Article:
Steph’s Notes: This is a pretty small batch of jam– small enough that I personally would just store the jars in the fridge and not bother to water bath process them. You can certainly process them to extend shelf life, though, if you choose. New boxes of Ball jars come with instructions on how to do this, or you can find great tutorials online (like this one).
If you have trouble telling if your jam is done, you can pop a small plate into the freezer to chill. Spoon a teaspoon of the fruit mixture onto the cold plate and allow to set for 30 seconds. Tip the plate 45 degrees to one side; jam should be a soft gel that moves slightly. If mixture is liquid and runs quickly down the plate, return the jam to the heat and cook, stirring constantly, 2-5 minutes longer; then repeat the test.
907 g (about 6 cups) whole gooseberries, topped and tailed
282 g (about 1 2/3 cups) sugar
14 g (about 1 1/2 tablespoons) lemon juice
1 vanilla bean (seeds only)
-In a heavy-bottomed pot, combine the gooseberries, sugar and lemon juice. Cover with the lid and bring to a simmer over medium-high heat. Remove the lid once the mixture is simmering and stir in the vanilla bean seeds. Continue to cook over moderate heat, stirring frequently with a wooden spoon, for about 15 minutes. Skim off any scum that rises to the surface of the jam during the cooking process.
-You’ll notice some changes in the fruit mixture as it reaches gelling stage. These changes are subtle, but as the jam starts to set, you’ll feel your spoon “drag” on the bottom of the pot when you stir, and the boiling bubbles will slow (similar to candy making). Also, when you hold your spoon up, the liquid will run off the side of it in thick, heavy drops. If you are uncertain, use the cold plate test described in the above notes.
-Spoon or funnel the jam into four clean 1/2-pint jars (even though I don’t water-bath process small batches of jam, I still like to carefully pour boiling water over the jars, lids, funnel and metal spoon before using them, or have them fresh from the dishwasher), leaving about 1/4 inch of space at the top. Close the jars and let the jam cool to room temperature. Store the jam in the refrigerator for several months.
Tags: baking, savory
Gale Gand’s Summer Vegetable Tart at first sounded so promising. My CSA is throwing all kinds of vegetables my way, and it can be a challenge (a fun challenge) to get them taken care of before the next week’s batch takes over my fridge. I was kind of surprised, then, to see that the “summer vegetables” in the recipe are just garlic, onions, red peppers and mushrooms. Those are more like “whenever vegetables,” so I took some creative license and added zucchini and summer squash to the mix.
The tart is simple enough– the shell is just layers of butter-brushed phyllo baked till golden. The veggies are sautéed separately and then loaded into the baked shell along with some cheese. That’s it, all done and ready to serve. It’s okay. It certainly isn’t bad, just a little dull, even though I tried to pep mine up with some hot pepper flakes and fresh parsley. The phyllo shell gets soggy in a hurry, and because the filling is never baked, it stays loose and messy. I prefer the Cheese and Tomato Galette we did last month, and I think a riff on that will be my next attempt at a summer veggie tart.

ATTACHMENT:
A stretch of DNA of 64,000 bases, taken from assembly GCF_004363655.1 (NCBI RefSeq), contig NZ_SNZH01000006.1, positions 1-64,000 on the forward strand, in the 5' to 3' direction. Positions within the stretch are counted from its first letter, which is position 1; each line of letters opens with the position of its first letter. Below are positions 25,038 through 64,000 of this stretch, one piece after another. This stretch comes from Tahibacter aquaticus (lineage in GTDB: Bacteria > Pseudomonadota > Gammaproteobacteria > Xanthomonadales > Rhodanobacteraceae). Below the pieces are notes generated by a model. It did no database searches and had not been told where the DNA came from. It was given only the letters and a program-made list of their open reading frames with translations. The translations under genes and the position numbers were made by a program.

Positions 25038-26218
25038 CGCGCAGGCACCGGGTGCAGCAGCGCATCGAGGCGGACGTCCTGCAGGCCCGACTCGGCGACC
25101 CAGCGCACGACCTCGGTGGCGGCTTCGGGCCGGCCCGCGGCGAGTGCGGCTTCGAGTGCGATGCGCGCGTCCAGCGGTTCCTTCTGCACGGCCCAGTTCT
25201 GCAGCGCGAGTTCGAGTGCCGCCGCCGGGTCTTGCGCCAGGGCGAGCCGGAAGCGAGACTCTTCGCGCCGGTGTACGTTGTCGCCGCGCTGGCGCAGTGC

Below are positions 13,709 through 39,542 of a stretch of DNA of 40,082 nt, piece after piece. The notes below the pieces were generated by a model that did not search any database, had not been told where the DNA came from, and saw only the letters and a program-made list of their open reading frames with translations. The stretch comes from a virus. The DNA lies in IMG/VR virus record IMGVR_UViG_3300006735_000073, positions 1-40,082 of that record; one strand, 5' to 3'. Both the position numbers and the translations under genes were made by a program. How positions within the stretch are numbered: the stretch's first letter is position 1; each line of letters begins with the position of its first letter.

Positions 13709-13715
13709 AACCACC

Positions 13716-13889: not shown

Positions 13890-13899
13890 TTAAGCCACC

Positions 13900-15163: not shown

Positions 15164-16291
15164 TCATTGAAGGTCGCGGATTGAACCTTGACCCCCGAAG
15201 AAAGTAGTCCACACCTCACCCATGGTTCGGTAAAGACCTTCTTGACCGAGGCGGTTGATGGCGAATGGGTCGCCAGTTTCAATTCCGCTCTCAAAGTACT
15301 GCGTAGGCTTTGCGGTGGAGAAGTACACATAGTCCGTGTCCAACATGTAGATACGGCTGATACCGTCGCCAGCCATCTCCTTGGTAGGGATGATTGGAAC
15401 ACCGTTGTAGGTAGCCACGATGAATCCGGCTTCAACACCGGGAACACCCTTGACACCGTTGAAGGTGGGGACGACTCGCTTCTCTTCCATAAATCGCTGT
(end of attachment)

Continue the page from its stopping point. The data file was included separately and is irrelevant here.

Tags: drinks, fruit
I quit my job a couple of weeks ago. Actually I quit my job in February, but somehow they convinced me to stay through June. Hmmm…how’d that happen? Over those last five months at work, I was sooooo looking forward to some free time. I had grand plans for sprucing up things around the house, maybe taking piano lessons or going on a couple of trips. To tell ya the truth, though, I haven’t accomplished much.
It’s hard to motivate for big cleaning projects or to concentrate on EveryGoodBoyDoesFine when it’s so freakin’ hot in the house…and also when you have a contracting crew remodeling a bathroom and making crazy noise and more mess everyday. I do have a some short trips lined up, but none have happened yet, and one already had to be cancelled (boo to that–I’d already bought the plane ticket). When I go on my daily errands, I’ve been taking long walks to keep myself out of the stuffy house. My prize for today’s cruise around Brooklyn is that I walked right past Ethan Hawke on the sidewalk–OMG, so cute!
I’ve been looking for creative ways to cool down that don’t just involve going to the movies or eating ridiculous amounts of ice cream. My obsession for all things Mexican led me to agua fresca…the drink, not my neighbor’s pretty awesome above-ground pool. I took a big watermelon that was taking up too much space in the fridge and turned it into the most refreshing, pink, fruity, fizzy, ice-cold drink. Yes, I will be doing a lot of agua fresca-ing this summer. Yes, that is a verb.
Watermelon Agua Fresca- makes 4-6 drinks
Steph’s Notes: I don’t see why this wouldn’t work with other types of melon, too.
2 lbs of watermelon cubes, seeds mostly picked out (this is the weight after trimming the rind and cubing)
juice of half a lime (or more to taste)
pinch of salt
granulated sugar or simple syrup to taste
cold seltzer water (or still water if you’d rather)
-Put the melon chunks in a blender with the juice of half a lime and a pinch of salt. Whiz till liquid. Taste and see if it needs another squeeze of lime and/or if it needs to be sweeter. Add sugar or simple syrup accordingly– if it needs any added sweetener at all, it probably won’t be more than a couple of spoonsful. Re-blend to combine.
-Strain the juice into a bowl, pitcher or 1-quart measuring cup, pressing gently to get as much juice liquid as possible while removing the pulp (unless you’d prefer to leave it in). Chill the juice for at least an hour.
-When you’re ready to assemble your drinks, fill a glass little more than half full with juice. Top off with seltzer and ice.
*If you plan to serve the entire batch in one go, you can top off the full amount of juice with water and ice directly in a pitcher just before pouring. But if you assemble the drinks on a glass-by-glass basis, extra juice will keep for a couple of days in the fridge.